THE BELATED release of information on the scope of the investigation in the Khmer Rouge tribunal’s second case has caused discontent among civil party applicants uncertain about the admissibility of their claims, the Cambodian Human Rights Action Committee (CHRAC) said in a statement released Monday, ahead of today’s opening of the court’s seventh plenary session.
“Late and insufficient information about the court’s scope of investigation and related admissibility policies will likely lead in the coming months to a large number of civil parties not being admitted to participate in Case 002,” CHRAC said, arguing that victim participation must be at the forefront of the concerns of the plenary.
The court announced the scope of investigation in its second case – the crime sites and situations being investigated for evidence of charges laid thus far – in November. Victims of the Khmer Rouge who suffered as a result of crimes committed at sites outside the scope of the investigation cannot be admitted as civil parties, though anyone is eligible to submit complaints and information to the court’s Victims’ Unit.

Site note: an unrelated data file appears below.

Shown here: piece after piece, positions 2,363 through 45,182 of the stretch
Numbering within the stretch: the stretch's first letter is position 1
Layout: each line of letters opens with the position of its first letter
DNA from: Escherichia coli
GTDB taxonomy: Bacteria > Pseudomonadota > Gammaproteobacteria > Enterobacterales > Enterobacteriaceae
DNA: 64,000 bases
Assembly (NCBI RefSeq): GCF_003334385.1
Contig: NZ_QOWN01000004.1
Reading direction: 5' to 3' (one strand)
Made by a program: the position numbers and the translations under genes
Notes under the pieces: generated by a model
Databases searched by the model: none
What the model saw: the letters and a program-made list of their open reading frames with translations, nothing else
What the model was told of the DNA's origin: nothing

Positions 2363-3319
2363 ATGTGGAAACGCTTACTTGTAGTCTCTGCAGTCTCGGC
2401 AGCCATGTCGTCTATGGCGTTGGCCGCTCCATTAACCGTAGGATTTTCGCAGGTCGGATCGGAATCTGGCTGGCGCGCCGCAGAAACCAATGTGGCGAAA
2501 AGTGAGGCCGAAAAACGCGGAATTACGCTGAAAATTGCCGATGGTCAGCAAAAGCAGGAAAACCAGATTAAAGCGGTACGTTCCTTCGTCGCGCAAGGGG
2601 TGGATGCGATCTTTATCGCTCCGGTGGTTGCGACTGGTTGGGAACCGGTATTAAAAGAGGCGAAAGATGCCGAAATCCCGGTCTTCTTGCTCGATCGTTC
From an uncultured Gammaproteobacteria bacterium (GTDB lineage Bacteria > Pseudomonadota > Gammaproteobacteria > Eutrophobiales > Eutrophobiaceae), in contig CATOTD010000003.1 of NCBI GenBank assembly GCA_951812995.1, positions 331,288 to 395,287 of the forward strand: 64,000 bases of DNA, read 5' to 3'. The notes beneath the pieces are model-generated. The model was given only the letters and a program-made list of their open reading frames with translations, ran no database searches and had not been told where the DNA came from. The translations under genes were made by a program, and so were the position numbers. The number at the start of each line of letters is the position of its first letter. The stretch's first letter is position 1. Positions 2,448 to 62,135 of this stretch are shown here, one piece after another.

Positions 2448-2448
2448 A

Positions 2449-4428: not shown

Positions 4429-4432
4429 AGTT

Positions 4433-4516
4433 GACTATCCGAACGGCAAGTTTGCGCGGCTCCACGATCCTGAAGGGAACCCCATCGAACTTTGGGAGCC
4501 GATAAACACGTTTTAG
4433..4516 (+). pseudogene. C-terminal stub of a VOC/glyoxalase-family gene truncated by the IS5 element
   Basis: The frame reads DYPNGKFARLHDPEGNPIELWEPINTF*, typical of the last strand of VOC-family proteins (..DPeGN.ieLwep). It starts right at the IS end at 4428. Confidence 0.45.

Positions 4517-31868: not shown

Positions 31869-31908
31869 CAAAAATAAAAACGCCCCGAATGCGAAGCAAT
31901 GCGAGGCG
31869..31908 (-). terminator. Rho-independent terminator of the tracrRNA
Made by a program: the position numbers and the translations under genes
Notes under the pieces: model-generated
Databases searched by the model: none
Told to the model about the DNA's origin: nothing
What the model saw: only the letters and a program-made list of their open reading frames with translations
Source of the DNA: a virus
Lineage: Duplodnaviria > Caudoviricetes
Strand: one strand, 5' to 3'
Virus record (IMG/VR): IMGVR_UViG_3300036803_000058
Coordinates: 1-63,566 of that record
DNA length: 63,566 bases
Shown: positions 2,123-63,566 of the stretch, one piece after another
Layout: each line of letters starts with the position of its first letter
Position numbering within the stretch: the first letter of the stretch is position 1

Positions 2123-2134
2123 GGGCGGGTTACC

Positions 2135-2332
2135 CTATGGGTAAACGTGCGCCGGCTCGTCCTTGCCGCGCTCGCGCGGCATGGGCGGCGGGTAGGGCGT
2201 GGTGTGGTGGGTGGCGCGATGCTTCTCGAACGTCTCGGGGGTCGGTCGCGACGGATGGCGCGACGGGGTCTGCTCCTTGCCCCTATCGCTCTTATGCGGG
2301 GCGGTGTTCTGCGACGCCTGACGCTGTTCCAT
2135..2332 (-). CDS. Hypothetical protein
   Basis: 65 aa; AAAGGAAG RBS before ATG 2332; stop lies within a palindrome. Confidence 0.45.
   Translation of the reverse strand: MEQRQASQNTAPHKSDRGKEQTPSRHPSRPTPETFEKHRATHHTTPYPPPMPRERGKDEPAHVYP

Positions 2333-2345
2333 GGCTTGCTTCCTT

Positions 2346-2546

UN court spokesman Lars Olsen said the tribunal had to strike a balance “between maintaining the confidentiality of the investigation and informing potential victims of their rights to participate as civil parties”.
CHRAC lauded the court for its expansion of the responsibilities of the Victims’ Unit, though the group also registered concern about the proposed appointment of lead co-lawyers who would speak in court on behalf of all civil parties, warning the court not to limit the role of civil parties “beyond what is necessary to ensure efficiency at trial”.
Decisions on the admissibility of civil party applications will be announced in September at the latest, provided the court stays on schedule, Olsen said.